Google Places Refreshes Local Search Offering

By Clint Boulton  |  Posted 2010-04-20

Google April 20 sought to make its local search offering more transparent for local businesses by renaming its Local Business Center Google Places and offering new tools to help connect consumers with nearby shops.

Google's Place Pages surface more than 50 million places around the world when users search for destinations on Google Maps.

Users searching for information about restaurants, hotels, museums, schools and parks can click on a location on a Google Map and be whisked to the Place Page to see details, pictures and reviews of that location.

More than 4 million local businesses stepped up to grab their Place Pages through Google's Local Business Center. Businesses provide information such as their hours of operation, photos, videos, coupons and product offerings.

Users can find these businesses on Google Maps from their desktops and from Google Maps for Mobile on smartphones such as Apple's iPhone or Google's Nexus One or the Motorola Droid.

John Hanke, vice president for Google Maps, Earth and Local Places, said Google Places will continue to offer these tools and more.

"Millions of people use Google every day to find places in the real world, and we want to better connect Place Pages-the way that businesses are being found today-with the tool that enables business owners to manage their presence on Google," Hanke said.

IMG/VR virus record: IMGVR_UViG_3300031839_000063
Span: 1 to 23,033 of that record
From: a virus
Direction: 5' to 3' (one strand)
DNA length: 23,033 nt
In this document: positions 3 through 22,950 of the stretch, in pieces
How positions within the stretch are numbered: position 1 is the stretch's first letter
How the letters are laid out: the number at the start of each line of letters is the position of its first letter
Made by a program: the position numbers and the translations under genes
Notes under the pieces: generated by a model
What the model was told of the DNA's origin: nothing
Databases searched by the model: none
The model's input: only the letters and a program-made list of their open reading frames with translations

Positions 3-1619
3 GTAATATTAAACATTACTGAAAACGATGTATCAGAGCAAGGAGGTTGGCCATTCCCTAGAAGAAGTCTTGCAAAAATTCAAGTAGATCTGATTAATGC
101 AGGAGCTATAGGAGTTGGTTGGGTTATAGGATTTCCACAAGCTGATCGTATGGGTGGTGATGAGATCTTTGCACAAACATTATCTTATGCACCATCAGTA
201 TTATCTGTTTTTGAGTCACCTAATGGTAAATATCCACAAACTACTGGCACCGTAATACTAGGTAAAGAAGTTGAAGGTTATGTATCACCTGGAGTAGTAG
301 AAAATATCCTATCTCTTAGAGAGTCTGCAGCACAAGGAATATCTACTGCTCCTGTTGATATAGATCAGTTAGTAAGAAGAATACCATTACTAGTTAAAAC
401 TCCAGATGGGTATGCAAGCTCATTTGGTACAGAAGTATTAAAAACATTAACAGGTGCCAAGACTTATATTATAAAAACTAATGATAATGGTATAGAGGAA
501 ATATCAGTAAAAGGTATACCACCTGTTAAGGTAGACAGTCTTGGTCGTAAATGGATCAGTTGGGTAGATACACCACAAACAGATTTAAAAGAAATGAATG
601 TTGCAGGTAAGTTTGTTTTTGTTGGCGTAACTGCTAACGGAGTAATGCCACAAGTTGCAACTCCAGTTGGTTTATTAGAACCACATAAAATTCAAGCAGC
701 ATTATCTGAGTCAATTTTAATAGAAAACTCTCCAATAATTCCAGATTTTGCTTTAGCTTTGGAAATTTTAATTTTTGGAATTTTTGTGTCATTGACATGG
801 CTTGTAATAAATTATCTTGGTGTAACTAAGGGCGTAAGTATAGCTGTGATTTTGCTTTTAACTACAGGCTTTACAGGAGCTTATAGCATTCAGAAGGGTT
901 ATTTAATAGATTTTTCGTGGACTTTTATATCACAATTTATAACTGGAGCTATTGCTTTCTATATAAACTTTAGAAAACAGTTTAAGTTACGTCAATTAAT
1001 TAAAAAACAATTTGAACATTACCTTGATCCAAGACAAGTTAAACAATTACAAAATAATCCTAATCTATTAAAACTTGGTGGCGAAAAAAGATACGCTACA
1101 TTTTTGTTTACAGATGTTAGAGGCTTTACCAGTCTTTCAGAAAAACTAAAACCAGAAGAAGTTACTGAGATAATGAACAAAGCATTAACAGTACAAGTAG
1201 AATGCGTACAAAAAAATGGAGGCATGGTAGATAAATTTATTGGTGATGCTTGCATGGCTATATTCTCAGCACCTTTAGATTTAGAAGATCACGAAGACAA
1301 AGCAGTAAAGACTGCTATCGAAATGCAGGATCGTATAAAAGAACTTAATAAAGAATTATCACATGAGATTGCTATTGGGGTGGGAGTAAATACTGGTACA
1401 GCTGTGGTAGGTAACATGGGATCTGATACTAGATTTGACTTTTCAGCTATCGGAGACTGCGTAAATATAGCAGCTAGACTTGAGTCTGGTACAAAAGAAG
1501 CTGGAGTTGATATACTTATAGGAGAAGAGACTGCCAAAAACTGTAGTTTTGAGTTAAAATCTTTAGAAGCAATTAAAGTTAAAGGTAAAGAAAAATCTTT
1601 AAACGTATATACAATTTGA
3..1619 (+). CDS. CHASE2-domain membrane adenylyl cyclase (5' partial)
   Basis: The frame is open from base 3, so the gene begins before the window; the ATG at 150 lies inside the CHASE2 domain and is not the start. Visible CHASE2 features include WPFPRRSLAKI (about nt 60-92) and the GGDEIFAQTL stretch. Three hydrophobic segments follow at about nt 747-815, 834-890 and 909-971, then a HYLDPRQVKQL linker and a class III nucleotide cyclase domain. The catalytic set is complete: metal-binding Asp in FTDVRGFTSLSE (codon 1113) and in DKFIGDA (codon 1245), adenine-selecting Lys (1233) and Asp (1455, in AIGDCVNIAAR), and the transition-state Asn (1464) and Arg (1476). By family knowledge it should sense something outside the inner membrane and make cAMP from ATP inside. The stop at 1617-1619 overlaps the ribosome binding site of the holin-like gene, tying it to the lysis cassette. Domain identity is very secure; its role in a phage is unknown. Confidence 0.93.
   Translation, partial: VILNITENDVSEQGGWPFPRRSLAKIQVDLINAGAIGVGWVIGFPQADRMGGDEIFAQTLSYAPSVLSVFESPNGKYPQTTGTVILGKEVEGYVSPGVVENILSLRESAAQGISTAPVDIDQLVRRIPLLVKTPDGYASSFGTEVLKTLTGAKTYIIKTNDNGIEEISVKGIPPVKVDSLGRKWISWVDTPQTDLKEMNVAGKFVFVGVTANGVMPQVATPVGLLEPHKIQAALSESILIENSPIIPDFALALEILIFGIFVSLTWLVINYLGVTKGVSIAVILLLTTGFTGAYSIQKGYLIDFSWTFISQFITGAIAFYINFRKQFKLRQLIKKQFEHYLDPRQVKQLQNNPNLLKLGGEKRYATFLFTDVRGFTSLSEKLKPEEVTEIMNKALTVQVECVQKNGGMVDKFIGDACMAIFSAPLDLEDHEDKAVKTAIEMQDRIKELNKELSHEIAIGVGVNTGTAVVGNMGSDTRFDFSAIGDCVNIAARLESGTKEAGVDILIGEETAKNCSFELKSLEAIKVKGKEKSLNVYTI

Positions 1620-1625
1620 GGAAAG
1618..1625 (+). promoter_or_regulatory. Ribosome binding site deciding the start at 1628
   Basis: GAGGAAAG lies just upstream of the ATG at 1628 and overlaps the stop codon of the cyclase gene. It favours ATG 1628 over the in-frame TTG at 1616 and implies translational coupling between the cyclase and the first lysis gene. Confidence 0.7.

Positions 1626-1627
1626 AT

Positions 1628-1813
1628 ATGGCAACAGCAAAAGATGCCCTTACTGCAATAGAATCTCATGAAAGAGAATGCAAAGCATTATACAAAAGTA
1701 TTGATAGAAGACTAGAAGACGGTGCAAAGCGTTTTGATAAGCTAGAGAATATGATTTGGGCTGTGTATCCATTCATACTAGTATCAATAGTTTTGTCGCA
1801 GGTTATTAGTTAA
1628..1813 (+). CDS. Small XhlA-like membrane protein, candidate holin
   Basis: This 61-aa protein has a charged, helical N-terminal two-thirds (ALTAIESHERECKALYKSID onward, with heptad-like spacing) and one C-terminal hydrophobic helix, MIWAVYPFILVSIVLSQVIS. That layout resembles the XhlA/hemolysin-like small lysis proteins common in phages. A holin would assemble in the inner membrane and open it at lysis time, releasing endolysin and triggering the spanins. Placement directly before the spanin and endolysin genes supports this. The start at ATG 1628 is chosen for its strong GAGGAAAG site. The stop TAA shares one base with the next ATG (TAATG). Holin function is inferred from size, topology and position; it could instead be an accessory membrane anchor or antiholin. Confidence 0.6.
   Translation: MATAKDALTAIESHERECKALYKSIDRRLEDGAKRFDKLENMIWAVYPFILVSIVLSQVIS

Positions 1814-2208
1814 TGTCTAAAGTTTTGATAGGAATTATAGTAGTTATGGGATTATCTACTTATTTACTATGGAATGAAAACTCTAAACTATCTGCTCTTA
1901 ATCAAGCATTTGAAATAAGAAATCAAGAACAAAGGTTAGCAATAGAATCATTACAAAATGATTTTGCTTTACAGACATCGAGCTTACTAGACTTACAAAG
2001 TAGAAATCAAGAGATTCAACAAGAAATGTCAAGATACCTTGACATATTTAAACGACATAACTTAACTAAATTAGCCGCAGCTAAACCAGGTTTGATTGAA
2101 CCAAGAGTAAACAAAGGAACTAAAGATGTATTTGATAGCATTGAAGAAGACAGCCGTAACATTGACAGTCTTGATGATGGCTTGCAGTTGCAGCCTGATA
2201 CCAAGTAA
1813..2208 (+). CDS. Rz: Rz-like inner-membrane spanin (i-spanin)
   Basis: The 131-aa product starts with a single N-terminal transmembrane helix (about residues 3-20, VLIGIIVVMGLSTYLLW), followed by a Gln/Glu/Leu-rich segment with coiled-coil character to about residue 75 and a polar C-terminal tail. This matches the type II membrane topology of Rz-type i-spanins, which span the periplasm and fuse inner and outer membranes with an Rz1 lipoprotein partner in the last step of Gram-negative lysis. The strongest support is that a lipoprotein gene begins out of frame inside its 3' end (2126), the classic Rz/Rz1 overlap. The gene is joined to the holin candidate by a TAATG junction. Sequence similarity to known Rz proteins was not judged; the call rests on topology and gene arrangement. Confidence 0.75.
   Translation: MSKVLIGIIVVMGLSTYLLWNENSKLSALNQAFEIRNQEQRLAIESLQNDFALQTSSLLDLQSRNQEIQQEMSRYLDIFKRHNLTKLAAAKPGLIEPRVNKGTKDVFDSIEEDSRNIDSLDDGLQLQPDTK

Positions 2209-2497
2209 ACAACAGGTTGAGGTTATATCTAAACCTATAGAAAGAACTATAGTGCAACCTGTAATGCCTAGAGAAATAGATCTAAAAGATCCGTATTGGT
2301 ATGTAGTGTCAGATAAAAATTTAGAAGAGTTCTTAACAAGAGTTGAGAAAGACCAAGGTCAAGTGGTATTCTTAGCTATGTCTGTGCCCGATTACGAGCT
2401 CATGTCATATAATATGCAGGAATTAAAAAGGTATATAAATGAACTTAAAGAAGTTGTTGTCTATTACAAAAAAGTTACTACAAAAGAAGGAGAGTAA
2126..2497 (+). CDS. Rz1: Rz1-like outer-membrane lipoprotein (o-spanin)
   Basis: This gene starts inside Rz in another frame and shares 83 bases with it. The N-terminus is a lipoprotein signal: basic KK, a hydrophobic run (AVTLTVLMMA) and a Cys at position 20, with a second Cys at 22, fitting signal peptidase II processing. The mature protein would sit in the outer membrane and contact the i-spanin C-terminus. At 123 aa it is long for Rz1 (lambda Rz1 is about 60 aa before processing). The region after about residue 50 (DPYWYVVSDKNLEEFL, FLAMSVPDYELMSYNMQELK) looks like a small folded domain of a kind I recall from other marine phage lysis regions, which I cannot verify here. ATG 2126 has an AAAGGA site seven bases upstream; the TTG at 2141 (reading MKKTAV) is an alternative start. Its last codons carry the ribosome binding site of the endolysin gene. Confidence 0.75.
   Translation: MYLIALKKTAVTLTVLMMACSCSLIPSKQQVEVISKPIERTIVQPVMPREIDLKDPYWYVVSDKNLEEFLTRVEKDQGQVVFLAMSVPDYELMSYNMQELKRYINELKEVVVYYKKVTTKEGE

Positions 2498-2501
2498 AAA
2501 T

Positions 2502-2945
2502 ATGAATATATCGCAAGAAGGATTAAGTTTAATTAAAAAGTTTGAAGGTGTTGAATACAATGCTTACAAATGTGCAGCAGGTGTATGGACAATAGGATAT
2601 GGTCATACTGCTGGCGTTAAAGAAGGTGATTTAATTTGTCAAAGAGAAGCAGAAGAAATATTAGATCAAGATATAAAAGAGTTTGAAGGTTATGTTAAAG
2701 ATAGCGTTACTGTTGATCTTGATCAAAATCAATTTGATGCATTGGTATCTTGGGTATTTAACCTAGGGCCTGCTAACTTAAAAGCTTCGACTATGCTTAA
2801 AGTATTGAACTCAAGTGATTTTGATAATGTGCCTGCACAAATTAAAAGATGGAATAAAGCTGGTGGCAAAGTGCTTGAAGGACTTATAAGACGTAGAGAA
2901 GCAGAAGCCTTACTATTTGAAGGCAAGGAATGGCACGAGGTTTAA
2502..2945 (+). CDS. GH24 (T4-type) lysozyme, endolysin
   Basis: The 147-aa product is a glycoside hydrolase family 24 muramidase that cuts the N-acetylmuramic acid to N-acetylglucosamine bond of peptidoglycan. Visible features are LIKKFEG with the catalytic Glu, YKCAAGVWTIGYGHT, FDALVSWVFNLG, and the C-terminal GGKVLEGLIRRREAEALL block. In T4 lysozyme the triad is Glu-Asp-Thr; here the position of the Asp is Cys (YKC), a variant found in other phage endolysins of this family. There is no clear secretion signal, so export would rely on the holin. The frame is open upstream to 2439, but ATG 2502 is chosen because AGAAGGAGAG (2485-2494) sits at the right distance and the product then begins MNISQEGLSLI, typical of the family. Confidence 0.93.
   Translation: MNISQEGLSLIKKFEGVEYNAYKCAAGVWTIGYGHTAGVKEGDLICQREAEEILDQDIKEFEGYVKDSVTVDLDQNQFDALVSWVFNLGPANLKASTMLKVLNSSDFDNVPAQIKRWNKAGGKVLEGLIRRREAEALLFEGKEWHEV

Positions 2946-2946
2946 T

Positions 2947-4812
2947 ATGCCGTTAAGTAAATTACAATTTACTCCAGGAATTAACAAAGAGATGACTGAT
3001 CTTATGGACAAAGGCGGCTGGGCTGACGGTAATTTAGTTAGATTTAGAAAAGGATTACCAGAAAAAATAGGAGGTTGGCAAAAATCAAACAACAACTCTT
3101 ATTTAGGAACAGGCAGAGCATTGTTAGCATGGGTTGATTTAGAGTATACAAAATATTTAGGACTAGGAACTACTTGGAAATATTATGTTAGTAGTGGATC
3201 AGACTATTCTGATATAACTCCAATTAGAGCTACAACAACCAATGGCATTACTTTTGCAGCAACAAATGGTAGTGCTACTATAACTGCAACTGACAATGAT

Renaming Local Business Center Google Places cuts through any confusion local businesses may have had about the relationship between Place Pages and the LBC.

Google Places is also getting several new features for local businesses. For $25 per month, businesses in some cities can procure Tags to make their listings stand out on and Google Maps.

The company is offering Tags to businesses in Austin, Texas, Atlanta and Washington in addition to the existing availability in Houston and San Jose, Calif. Google will soon add Tags in Chicago, San Diego, Seattle, San Francisco, and Boulder, Colo.

Businesses in some cities can also now request a free photo shoot of their interiors, which Google will offer along with exterior photos on Place Pages.

Now U.S. businesses can download a unique, custom QR code from their Places dashboard. These codes can be placed on business cards or other marketing materials. Customers can scan them with an iPhone or Android smartphone to view the mobile version of the Place Page for that business.

Along those lines, Google said it is sending another 50,000 window decals with QR codes as part of its Favorite Places program. Again, these decals can be scanned with a smartphone to view the mobile Place Page for the business to learn more about their great offerings.

What will be interesting to see is whether Google begins to rack up more local business customers for Google Places after failing to acquire local search rival Yelp late in 2009.

At the least, it should help Google better serve the 20 percent of location-based searches it sees.

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